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Going Green

 

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Going Green


As a take-off from the expressions "Got Milk?", we ask the rhetorical question - "Got Green?" as an introduction to the topic of the green-ness of hardwood flooring.

This discussion has two major aspects:

  • the green-ness of the hardwood flooring product itself, and
  • the green-ness of the finishes used when turning the raw hardwood product into a fine, finished hardwood floor.

And a fairly new wood floor - Bamboo.


Hardwood Flooring Is Green!

On the overall topic of the green-ness of wood flooring (mostly hardwood flooring), the National Wood Flooring Association cites the USDA Forest Service, the EPA, Wisconsin University, the National Association of Home Builders, and its own studies to conclude:

"Wood flooring is the most abundantly renewable flooring material available. The trees used to make wood floors are produced in a factory called a forest by a renewable source of energy called the sun. Sustainable forest management makes it possible to harvest wood without any serious impact on the environment, because trees are a renewable resource that can be replaced time and time again.

and

  • net growth for hardwoods is greater than average annual removals
  • wood is a carbon neutral product
  • wood floors use less water and energy to produce that other flooring
  • wood floors last hundreds of years, so won’t need to be replaced as often as other flooring

You can learn more about the environmental benefits of wood floors by downloading a copy of the University of Wisconsin Wood Products Program Solid Wood Flooring Life Cycle Analysis"


Hardwood Flooring Finishes Are Greener (than in the past) and Getting Greener Still!

Definition: VOCs

Volatile Organic Components/Compounds - that may be catalyzing agents and/or drying agents in the finish or the stain.

The past:

The largest negative aspect in the past had been the  level of VOCs in wood floor finishes - those VOCs which gas off into the home environment and the outside air, considered to be detrimental to residents and the overall environment.  Over the past several decades, the finish industry has come a long, long way in addressing those concerns and reducing the levels of VOCs in their products.

The current "state of the art" for Hardwood Floor finishes:

There are four types for surface finishes for on-site application.

(Note: Two older penetrating finishes have fallen out of use because of the high degree of maintenance effort needed to maintain their appearance: penetrating-stain-and-wax and wax-only.)

1. Oil modified urethane is the most common and is easy to apply. It is a solvent based polyurethane that dries in about eight hours. It will amber with age.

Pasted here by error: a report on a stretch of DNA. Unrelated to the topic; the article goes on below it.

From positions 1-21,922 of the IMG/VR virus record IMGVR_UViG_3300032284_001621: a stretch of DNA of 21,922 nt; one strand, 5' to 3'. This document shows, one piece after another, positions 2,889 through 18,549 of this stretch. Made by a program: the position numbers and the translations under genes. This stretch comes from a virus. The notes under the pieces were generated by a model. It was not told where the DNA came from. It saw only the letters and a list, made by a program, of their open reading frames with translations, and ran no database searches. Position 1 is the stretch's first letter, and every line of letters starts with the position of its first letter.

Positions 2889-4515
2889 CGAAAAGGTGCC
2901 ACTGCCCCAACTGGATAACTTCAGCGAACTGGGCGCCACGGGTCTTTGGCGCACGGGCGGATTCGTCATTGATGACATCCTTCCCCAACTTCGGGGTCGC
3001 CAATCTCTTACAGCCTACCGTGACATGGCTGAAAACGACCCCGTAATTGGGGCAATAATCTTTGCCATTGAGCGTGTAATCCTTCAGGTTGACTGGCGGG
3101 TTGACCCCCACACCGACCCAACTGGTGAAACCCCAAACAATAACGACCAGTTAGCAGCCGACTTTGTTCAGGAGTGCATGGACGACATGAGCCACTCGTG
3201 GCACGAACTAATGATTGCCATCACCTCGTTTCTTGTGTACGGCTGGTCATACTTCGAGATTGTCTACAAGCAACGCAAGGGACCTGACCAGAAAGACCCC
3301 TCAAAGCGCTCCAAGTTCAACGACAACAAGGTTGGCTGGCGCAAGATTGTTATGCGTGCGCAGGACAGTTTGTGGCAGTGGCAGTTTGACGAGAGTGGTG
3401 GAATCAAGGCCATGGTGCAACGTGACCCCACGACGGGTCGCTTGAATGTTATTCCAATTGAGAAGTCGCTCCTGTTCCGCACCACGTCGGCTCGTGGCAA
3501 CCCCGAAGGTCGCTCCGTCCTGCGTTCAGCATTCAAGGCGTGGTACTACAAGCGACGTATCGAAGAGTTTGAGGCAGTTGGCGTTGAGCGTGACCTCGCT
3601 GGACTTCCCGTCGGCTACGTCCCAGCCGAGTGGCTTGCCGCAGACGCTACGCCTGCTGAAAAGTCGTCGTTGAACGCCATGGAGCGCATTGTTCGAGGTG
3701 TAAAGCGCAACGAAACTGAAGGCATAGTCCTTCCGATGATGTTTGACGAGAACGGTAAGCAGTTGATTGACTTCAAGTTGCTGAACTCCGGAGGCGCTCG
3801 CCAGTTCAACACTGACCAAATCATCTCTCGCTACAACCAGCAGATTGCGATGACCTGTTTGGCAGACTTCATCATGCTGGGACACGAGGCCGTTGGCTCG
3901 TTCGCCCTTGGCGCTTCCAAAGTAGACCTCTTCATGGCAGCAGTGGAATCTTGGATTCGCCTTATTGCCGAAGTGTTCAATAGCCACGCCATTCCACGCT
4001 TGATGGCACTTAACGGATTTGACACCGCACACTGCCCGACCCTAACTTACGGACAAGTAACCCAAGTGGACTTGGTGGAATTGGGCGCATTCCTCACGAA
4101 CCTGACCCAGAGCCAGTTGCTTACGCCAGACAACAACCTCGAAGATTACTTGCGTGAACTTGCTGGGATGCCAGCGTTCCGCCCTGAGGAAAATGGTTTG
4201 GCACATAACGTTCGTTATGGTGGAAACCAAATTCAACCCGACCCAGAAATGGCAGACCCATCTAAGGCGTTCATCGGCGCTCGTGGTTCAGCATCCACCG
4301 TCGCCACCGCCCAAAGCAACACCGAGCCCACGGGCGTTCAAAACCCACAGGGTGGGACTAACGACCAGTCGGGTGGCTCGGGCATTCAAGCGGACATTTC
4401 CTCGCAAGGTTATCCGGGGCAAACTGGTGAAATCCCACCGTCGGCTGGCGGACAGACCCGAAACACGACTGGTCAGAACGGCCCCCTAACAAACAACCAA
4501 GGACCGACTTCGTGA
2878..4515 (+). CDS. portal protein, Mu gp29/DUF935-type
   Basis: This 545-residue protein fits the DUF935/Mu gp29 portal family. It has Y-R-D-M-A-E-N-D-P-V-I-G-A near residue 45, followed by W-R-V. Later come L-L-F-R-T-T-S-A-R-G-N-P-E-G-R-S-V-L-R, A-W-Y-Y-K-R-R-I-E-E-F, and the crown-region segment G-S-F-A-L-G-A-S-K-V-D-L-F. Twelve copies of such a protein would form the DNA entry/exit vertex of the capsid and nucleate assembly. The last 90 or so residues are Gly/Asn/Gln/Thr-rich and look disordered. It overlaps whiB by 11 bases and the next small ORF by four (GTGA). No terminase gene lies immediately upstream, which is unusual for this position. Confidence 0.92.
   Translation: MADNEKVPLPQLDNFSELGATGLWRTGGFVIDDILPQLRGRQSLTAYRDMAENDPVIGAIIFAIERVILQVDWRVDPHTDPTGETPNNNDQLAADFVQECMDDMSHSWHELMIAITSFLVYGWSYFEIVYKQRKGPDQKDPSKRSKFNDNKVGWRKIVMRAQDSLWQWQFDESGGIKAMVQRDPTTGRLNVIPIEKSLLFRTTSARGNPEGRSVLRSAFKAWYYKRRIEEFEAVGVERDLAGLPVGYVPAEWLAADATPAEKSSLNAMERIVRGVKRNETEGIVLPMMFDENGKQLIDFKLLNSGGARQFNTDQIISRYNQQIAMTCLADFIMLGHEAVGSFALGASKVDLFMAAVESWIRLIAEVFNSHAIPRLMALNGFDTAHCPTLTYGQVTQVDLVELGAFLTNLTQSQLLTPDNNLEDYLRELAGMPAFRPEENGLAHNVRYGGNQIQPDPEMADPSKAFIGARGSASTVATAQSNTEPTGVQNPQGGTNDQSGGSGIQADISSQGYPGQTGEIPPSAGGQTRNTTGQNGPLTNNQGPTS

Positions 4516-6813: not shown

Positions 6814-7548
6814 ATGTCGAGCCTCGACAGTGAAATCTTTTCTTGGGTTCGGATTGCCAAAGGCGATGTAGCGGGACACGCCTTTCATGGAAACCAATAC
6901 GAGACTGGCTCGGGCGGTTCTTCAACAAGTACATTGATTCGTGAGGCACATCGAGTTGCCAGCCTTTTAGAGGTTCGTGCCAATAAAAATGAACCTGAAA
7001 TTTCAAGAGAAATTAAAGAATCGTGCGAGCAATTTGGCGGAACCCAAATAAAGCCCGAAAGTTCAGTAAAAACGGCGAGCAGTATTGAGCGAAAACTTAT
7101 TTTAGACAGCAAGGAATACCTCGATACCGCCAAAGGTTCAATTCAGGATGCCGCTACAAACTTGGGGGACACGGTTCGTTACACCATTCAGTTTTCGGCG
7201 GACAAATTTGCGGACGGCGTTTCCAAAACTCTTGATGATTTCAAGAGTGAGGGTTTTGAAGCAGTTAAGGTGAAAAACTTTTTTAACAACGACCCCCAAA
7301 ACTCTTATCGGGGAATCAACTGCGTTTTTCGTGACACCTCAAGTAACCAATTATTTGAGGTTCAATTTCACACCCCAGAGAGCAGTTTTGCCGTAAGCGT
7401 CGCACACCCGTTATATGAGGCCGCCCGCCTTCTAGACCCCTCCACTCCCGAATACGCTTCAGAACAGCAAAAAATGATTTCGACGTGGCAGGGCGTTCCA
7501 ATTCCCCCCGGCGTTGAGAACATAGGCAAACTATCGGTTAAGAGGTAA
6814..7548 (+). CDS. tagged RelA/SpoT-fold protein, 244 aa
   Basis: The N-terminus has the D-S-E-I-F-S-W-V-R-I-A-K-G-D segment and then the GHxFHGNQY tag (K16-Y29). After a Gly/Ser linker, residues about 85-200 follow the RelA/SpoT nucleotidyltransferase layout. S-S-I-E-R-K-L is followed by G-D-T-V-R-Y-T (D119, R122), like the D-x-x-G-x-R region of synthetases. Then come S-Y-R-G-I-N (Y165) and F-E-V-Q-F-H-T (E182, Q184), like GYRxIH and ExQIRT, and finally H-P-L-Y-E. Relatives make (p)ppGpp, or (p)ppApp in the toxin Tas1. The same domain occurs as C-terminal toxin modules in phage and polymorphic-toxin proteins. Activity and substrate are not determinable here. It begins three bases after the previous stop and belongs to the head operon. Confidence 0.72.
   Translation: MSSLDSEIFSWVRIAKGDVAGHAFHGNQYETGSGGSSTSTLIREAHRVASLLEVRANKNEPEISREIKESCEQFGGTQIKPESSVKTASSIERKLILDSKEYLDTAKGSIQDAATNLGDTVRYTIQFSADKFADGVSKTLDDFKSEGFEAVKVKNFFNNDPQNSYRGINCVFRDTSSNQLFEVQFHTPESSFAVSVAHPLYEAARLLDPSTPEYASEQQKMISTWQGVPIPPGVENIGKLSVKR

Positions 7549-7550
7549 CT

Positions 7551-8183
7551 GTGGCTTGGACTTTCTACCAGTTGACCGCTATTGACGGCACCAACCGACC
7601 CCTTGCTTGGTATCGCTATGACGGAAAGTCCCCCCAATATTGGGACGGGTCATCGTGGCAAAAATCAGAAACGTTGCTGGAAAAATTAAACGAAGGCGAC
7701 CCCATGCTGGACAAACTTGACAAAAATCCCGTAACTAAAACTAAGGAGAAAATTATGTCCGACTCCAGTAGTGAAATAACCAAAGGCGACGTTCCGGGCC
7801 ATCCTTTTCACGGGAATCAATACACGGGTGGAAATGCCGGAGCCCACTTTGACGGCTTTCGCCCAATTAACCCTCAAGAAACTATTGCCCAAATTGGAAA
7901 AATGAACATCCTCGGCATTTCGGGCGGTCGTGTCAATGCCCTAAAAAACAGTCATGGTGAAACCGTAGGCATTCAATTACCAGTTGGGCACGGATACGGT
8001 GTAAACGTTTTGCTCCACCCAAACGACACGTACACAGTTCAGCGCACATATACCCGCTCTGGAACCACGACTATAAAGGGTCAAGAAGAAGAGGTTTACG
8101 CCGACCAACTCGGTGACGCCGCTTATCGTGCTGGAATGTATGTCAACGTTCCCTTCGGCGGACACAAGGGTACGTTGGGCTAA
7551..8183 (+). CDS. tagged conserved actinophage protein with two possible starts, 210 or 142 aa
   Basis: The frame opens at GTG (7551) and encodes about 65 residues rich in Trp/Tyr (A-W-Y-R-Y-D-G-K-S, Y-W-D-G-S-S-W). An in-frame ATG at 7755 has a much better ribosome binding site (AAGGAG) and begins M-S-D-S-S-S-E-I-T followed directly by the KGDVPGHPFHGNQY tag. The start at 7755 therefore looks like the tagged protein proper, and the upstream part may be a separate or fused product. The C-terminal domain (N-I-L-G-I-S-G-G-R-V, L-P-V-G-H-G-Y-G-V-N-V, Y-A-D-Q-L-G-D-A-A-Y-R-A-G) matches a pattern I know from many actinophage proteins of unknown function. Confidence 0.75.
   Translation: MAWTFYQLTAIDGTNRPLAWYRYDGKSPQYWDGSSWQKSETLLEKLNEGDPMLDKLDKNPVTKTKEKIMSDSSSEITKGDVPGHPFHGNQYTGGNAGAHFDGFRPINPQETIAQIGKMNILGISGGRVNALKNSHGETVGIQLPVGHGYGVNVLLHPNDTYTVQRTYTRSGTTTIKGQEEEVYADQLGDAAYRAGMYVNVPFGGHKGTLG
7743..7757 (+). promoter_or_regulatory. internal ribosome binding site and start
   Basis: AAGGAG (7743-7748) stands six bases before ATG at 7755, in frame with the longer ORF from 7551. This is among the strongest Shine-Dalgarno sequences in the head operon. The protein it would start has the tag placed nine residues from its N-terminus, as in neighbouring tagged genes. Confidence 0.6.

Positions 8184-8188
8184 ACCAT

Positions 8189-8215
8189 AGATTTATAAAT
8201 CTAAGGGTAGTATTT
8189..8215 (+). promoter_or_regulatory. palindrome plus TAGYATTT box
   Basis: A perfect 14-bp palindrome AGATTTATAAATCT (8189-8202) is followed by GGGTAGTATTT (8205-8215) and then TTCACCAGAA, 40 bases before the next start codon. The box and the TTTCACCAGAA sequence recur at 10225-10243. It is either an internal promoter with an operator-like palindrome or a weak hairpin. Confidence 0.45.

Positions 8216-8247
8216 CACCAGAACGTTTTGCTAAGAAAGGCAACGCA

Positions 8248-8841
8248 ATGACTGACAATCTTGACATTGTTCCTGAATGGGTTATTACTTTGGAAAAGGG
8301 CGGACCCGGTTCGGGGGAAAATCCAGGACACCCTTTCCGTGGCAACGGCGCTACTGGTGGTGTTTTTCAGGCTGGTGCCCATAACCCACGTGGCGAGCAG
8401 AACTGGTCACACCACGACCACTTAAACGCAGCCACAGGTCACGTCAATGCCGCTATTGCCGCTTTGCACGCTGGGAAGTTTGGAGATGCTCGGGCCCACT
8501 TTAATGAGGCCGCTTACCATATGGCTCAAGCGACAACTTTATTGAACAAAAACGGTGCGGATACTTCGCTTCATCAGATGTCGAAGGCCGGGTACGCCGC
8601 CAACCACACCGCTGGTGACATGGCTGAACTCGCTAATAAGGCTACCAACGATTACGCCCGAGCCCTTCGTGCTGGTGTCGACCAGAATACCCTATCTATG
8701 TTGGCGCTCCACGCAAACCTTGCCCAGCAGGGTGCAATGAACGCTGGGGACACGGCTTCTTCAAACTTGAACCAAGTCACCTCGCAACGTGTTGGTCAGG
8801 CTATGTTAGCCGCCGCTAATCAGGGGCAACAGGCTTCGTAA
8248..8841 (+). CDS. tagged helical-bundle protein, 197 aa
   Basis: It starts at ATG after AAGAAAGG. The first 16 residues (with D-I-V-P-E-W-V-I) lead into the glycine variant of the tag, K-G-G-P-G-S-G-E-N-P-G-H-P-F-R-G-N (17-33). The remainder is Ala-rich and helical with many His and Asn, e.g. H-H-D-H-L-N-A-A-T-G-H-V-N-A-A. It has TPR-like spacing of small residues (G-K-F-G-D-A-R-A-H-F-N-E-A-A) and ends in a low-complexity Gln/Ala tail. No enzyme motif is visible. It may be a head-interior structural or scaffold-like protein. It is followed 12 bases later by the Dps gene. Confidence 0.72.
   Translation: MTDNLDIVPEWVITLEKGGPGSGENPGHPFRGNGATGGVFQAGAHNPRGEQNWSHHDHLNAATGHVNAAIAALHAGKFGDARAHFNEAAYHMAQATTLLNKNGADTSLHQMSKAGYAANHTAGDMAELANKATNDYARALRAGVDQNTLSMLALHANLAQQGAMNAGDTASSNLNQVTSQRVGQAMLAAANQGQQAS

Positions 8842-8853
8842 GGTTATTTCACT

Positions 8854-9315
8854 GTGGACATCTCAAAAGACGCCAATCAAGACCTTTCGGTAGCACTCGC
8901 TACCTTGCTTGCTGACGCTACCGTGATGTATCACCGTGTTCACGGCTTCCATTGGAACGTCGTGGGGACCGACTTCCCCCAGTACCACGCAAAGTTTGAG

2. Moisture-cure urethane is a solvent-base polyurethane that is more durable and more moisture resistant than other surface finishes. it comes in both non-yellowing and ambering types, and is available in either gloss or satin. It is difficult to apply, has a strong odor and is best left to the professional.

3.Swedish finish or acid cure urethane is a clear finish, fast drying, durable and non-yellowing. It has a strong odor and is also best left to the professional.

4. Water-base urethane is a waterborne urethane that dries by water evaporation, is a clear and non-yellowing, has a milder odor than oil-modified finishes and dries in about 3 hours. Water-based urethanes are generally more expensive than their solvent based relatives.

Of the surface finishes, oil-modified urethane and water-based urethane are the most commonly used hardwood floor finishes. Both have significantly improved their level of VOCs - but water based is the winner here with both lower VOCs and greater floor durability, and the "loser". so to speak, due to higher cost.

Newer formulations of penetrating finishes are now emerging into the arena of hardwood flooring. As yet, they have not proven to eliminate the periodic renewal needs of the "old" penetrating finishes, yet they are more green than the surface finishes due to lower VOCs. And they have a higher cost when both initial application and renewal processes are considered. Visit the link below for more info on one of those newer penetrating finishes, Rubio Monocoat.

 

 


Net - Net:

Generally speaking, the lower the VOCs, the higher the cost of the finish. So, it takes more "green" to be "greener".

Our recommendation is that you ask for a quote for each type of finish for your particular job, so you can decide the value / cost trade-offs you wish to make.

And, the equation is constantly changing as new technologies and production methods emerge.

 


Bamboo Flooring:

 

A recent entrant - bamboo flooring - has added another item to be considered. Bamboo is a fast growing grass, so it replenishes itself faster than the other, tree-based hardwood floors.

On the surface, it would appear that bamboos would have an edge on "green-ness" because of it's fast growth grass origins.

On the other had, all bamboo flooring is a composite, manufactured product, composed of strips of bamboo that have been straightened, milled and then bonded together using a glue, heat and pressure. The level of processing and chemicals involved begs the question of its net level of "green-ness".

See Wikipedia for more information:  Bamboo Floor Green Characteristics

The product is beautiful, durable, and easy to install and maintain.

But . . . We have just not seen the final word on its "green-ness".

 

 


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Date last changed: Monday, July 01, 2013 04:12:45 PM